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Psychopathic costs: a monetization study of the fiscal toll of psychopathy features among institutionalized delinquents

Matt DeLisi (Iowa State University, Ames, Iowa, USA)
Dennis E. Reidy (Centers for Disease Control and Prevention, Atlanta, Georgia, USA)
Mark H. Heirigs (Iowa State University, Ames, Iowa, USA)
Jennifer J. Tostlebe (University of Colorado, Boulder, Colorado, USA)
Michael G. Vaughn (Saint Louis University, St Louis, MO, USA)

Journal of Criminal Psychology

ISSN: 2009-3829

Article publication date: 18 December 2017

Issue publication date: 11 April 2018



That psychopathy imposes substantial societal costs and economic burden is axiomatic, but monetization studies have overlooked cost estimates of the disorder. The paper aims to discuss these issues.


Drawing on a near census of institutionalized delinquents from Missouri, the current study devised new crime cost measures for self-reported offending.


Youth imposed $30 million in total costs annually in large part due to extensive involvement in robbery, theft, and assault. The most criminally active youth imposed costs in excess of $700 million. Psychopathy features were differentially correlated with crime costs. APSD-SR callous-unemotional traits, mPPI-SF Blame Externalization, mPPI-SF Machiavellian Egocentricity, and mPPI-SF Social Potency were significantly associated with between four and five crime costs. Psychopathic traits associated with ruthless self-interest, callousness, and expectations to control and dominate others manifest in diverse ways including serious violence and repeated property crime. Other features such as mPPI-SF Impulsive Nonconformity, mPPI-SF Stress Immunity, mPPI-SF Coldheartedness, mPPI-SF Carefree Nonplanfulness, mPPI-SF Fearlessness, APSD-SR Impulsivity, and APSD-SR Narcissism had limited associations with crime costs.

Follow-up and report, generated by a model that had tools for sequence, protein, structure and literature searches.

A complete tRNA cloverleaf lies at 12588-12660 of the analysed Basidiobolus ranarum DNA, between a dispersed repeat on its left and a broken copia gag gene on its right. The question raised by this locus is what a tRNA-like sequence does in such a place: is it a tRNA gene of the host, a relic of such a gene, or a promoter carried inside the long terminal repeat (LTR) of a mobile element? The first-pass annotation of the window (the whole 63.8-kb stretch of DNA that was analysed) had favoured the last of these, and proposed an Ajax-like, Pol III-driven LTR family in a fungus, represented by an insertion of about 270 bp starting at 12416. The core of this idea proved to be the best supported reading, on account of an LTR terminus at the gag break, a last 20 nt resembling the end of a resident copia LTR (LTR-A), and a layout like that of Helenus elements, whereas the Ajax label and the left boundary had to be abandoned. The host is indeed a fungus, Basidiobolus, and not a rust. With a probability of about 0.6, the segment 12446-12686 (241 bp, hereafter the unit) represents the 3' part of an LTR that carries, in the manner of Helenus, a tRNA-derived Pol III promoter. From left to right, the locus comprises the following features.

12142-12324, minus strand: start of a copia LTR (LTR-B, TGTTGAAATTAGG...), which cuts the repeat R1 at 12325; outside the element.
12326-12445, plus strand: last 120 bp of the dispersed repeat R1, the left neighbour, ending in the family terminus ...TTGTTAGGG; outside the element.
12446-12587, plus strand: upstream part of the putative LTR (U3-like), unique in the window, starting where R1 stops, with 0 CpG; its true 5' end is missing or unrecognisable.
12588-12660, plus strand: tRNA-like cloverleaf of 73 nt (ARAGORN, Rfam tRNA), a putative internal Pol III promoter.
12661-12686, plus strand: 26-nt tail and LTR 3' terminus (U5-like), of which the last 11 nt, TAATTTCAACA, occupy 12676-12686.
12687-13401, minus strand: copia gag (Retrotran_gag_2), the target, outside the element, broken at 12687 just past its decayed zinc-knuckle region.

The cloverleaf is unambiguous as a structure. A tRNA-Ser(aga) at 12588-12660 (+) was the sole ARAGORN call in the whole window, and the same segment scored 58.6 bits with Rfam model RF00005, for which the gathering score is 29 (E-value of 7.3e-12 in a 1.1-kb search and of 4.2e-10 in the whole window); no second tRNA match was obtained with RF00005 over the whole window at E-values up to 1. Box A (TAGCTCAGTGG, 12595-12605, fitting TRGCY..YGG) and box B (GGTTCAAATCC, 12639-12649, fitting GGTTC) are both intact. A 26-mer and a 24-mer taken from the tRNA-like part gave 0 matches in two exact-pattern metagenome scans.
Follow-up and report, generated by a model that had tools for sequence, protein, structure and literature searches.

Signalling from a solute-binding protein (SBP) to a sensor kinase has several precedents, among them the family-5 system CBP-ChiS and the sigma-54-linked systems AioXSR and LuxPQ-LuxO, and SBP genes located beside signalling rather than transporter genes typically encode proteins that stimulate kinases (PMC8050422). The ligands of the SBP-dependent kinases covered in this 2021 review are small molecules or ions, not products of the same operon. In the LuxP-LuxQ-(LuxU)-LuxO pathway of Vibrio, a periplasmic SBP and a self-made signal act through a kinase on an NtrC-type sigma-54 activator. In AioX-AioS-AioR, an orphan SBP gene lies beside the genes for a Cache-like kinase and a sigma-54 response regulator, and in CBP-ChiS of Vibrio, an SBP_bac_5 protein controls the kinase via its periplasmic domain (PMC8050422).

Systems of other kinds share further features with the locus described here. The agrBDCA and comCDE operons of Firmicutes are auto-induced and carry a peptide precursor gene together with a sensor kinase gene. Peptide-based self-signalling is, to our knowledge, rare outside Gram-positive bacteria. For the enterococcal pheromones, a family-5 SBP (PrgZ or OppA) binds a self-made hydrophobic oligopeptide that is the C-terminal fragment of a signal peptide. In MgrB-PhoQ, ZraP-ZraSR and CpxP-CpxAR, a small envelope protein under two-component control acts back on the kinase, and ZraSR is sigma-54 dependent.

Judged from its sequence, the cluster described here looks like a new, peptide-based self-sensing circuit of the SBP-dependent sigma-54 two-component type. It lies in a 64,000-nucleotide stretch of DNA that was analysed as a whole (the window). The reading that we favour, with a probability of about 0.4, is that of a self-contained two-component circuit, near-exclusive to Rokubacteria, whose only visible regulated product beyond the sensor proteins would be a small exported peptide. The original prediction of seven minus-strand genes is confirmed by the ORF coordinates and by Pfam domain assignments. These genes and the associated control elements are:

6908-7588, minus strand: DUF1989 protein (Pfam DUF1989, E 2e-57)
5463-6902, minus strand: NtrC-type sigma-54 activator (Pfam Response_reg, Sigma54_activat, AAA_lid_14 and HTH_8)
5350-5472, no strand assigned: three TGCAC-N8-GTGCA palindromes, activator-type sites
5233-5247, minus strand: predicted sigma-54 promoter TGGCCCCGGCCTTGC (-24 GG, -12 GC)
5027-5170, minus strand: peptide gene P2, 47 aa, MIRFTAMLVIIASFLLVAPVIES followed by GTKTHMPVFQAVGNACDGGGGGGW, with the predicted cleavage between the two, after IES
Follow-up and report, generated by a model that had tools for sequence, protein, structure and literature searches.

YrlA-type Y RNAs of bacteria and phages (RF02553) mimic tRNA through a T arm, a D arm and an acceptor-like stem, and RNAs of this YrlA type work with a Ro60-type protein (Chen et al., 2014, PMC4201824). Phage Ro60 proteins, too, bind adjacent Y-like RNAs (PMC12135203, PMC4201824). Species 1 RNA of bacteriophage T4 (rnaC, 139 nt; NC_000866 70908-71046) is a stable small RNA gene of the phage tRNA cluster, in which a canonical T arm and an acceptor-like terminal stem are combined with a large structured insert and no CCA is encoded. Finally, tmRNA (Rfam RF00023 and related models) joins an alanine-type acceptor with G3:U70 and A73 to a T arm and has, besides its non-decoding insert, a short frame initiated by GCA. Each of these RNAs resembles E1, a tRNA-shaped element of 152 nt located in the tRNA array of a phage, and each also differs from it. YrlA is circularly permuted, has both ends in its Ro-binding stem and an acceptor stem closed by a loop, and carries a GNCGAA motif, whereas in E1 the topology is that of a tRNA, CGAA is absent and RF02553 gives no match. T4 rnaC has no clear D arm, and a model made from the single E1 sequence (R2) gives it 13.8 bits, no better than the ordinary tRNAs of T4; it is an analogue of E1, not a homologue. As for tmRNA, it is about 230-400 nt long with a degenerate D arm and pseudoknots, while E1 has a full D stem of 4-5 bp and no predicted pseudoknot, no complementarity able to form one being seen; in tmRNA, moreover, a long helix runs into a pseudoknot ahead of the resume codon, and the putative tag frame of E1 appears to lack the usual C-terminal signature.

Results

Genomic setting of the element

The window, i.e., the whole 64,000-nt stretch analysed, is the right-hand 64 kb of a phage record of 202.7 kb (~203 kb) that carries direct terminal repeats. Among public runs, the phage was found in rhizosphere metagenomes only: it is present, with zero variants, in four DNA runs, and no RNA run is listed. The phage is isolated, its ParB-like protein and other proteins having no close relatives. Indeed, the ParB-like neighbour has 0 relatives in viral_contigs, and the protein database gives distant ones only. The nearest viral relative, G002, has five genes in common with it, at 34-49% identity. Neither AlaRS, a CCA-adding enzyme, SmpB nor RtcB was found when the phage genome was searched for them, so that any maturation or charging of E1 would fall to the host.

To the authors’ knowledge, this is the first monetization study to quantify the effects of assorted psychopathy features on crime costs.



Declaration: Authors DeLisi, Reidy, Heirigs, Tostlebe, and Vaughn did not receive grant funds, speaker honoraria, or stock/royalty income for this study and declare no conflicts of interest.


DeLisi, M., Reidy, D.E., Heirigs, M.H., Tostlebe, J.J. and Vaughn, M.G. (2018), "Psychopathic costs: a monetization study of the fiscal toll of psychopathy features among institutionalized delinquents", Journal of Criminal Psychology, Vol. 8 No. 2, pp. 112-124.



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